Can the world’s biggest tech show help the Maghreb tech ecosystem break even?
The luxury city of Marrakech. Image source: Love Exploring
GITEX, the world’s biggest tech show, is coming to Africa in May 2023, and Marrakech, the Moroccan city of luxury, is the destination. On Tuesday, during the ongoing GITEX Global event in Dubai, the vice president of the Dubai World Trade Center (DWTC), the organiser of GITEX, Trixie LohMirmand, and the general director of the Moroccan Digital Development Agency, Mohammed Drissi Melyani, signed a contract to that effect.
The announcement marks a new era for GITEX and the DWTC as this is the event’s first foray outside of Dubai, where it was birthed and has operated for 42 years. This move also signals the importance of the continent in the tech world. It also validates the potential of the northern African tech market, which seems to have not been cashing in on its geographical advantages to become the tech leader on the continent. Africa has the highest number of young people in the world and its increasing mobile phone and internet proliferation “sets it up as the next biggest digital-first economy in the world,” said LohMirmand at the launching event.
The meteoric rise of the African startup ecosystem has become a map leading the rest of the world to the continent. The ecosystem minted seven unicorns in 6 years, with 4 of them minted just last year. African startups raised over $5 billion last year, and by the end of the third quarter of this year, funding had crossed the $4 billion mark. That’s a 6x growth of the global average this year, thanks to its resilience towards the harsh global macroeconomic conditions.
While all of these metrics explain why GITEX is interested in the African market, it doesn’t quite explain why it chose Morocco as its destination. Morocco, like every other Maghreb country, is often an afterthought when talking about tech hubs in Africa, because the continent has its validated four market leaders—Nigeria, South Africa, Kenya, and Egypt. As of May, the entire funding Moroccan startups ecosystem had raised since 2019 was just $47 million, that’s $8 million shy from what a Nigerian neobank raised as series B.
The ongoing GITEX event in Dubai.
In truth, GITEX is going to Morocco because Dubai identifies more with Morocco than any other African country. LohMirmand said Morocco is similar to Dubai in terms of strategic geographical location and tourism reputation, especially Marrakech, which is one of the top places to visit in the world. And as expansion is strategic, people tend to do business with who they understand more or trust. According to LohMirmand, GITEX has been in talks with the Moroccan digital agencies, looking into how a good partnership can be formed. “We have a reflection after dating Morocco for over a year, and decided it’s time for GITEX to go there,“ she said. GITEX has now launched a campaign tagged Go There, urging its huge network of exhibitors and partners to go to Africa come May next year. Just like Dubai is gradually becoming the confluence point of the entire world, Morocco is also geographically placed to be the perfect connector of Europe and the entire Africa. And its number of diaspora is a reflection of this fact.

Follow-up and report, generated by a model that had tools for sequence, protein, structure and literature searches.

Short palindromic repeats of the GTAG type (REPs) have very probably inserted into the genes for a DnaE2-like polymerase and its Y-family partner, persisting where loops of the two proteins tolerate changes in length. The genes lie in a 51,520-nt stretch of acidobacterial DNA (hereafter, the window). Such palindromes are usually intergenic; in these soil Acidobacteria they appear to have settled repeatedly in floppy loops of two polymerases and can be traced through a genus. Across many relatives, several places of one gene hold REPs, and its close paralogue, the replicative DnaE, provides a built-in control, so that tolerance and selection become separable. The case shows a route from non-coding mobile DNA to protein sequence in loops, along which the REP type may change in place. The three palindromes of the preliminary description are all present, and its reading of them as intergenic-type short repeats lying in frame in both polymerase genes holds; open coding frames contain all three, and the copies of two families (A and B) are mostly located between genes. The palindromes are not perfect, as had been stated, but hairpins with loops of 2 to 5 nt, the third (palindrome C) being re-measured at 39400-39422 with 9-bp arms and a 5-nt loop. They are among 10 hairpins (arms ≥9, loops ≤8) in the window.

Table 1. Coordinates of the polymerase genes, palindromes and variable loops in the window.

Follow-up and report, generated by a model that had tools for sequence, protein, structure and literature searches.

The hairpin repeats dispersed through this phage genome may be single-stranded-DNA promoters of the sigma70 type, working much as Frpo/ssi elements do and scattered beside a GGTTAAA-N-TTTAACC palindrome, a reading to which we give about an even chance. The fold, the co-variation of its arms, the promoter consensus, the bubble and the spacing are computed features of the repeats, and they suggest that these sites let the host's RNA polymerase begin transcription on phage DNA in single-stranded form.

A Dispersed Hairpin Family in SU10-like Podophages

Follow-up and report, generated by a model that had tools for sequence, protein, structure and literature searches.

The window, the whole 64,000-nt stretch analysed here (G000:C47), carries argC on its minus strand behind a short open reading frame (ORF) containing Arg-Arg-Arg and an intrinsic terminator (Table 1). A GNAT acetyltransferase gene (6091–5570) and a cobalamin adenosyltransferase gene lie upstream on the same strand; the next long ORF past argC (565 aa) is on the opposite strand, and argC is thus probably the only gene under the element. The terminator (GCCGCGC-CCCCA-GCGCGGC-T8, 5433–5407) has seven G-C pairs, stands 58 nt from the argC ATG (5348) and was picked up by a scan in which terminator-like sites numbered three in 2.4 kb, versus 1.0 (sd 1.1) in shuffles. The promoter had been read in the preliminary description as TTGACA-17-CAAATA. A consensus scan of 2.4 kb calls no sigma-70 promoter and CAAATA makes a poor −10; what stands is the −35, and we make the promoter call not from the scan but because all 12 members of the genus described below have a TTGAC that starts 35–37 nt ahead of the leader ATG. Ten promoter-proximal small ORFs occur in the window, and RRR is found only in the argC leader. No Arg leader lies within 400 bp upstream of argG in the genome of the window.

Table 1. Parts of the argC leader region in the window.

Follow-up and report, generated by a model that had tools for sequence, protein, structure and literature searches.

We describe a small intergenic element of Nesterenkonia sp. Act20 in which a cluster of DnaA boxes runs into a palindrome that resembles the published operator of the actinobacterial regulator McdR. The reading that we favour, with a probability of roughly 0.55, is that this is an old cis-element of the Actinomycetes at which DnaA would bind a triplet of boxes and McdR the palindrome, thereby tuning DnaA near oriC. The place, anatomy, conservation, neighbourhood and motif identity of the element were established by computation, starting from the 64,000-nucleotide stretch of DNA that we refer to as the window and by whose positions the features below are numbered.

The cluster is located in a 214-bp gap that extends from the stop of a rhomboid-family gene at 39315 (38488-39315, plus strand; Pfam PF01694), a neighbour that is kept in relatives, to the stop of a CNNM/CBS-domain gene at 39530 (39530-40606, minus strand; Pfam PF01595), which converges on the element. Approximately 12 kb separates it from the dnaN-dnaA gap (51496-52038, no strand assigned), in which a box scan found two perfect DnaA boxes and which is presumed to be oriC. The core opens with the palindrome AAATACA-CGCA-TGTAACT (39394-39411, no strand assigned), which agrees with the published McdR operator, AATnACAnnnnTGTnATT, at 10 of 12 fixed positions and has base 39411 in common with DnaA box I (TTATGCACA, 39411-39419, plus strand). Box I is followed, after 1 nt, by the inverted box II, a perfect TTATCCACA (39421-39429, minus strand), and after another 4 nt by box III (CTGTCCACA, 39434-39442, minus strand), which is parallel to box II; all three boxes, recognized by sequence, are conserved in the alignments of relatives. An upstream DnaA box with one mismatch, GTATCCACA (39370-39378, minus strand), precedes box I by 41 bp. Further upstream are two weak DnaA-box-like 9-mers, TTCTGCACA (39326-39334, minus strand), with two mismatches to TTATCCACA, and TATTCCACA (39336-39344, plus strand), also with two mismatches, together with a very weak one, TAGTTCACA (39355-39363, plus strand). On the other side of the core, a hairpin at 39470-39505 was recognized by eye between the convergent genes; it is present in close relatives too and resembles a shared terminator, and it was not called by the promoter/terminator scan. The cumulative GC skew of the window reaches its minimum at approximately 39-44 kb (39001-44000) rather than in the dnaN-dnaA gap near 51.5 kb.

As of 2019, an estimated 100,000 Moroccans live in the UAE, making them one of the largest communities from Africa living here. Morocco has also long been a popular destination for Emiratis. Dubai has become a magnet for numerous Moroccan artists and performers, among them, the pop artist, photographer and filmmaker Hassan Hajjaj, dubbed the “Andy Warhol of Marrakech”. Even the Moroccan ruler King Mohammed VI has been quoted many times addressing UAE as their brothers. So it’s only right for them to also share technology and prosperity.
The ongoing GITEX 2022 event is massive: The whole floor of the DWTC, two million square feet of landmass, is filled with tech operators from all over the world, exhibiting their products to over 100,000 people attending this year’s event. Over 250 governments including the Saudi Arabia and Nigerian government, 800 startups—more than African 100 startups—hundreds of venture capitalists, are present. This firepower is what GITEX will be taking to Marrakech and Africa next year. This might be the breakthrough the Maghreb startup and tech ecosystem has been waiting for.
“Morocco may not be the biggest startup market on the continent, it’s indeed one of the ecosystems with the highest potential to lead Africa’s digital future and we are watching very closely,” Mareme Dieng, Africa lead at 500 Global, a Silicon Valley based early-stage venture fund and seed accelerator, told me on the sidelines of this year’s GITEX in Dubai.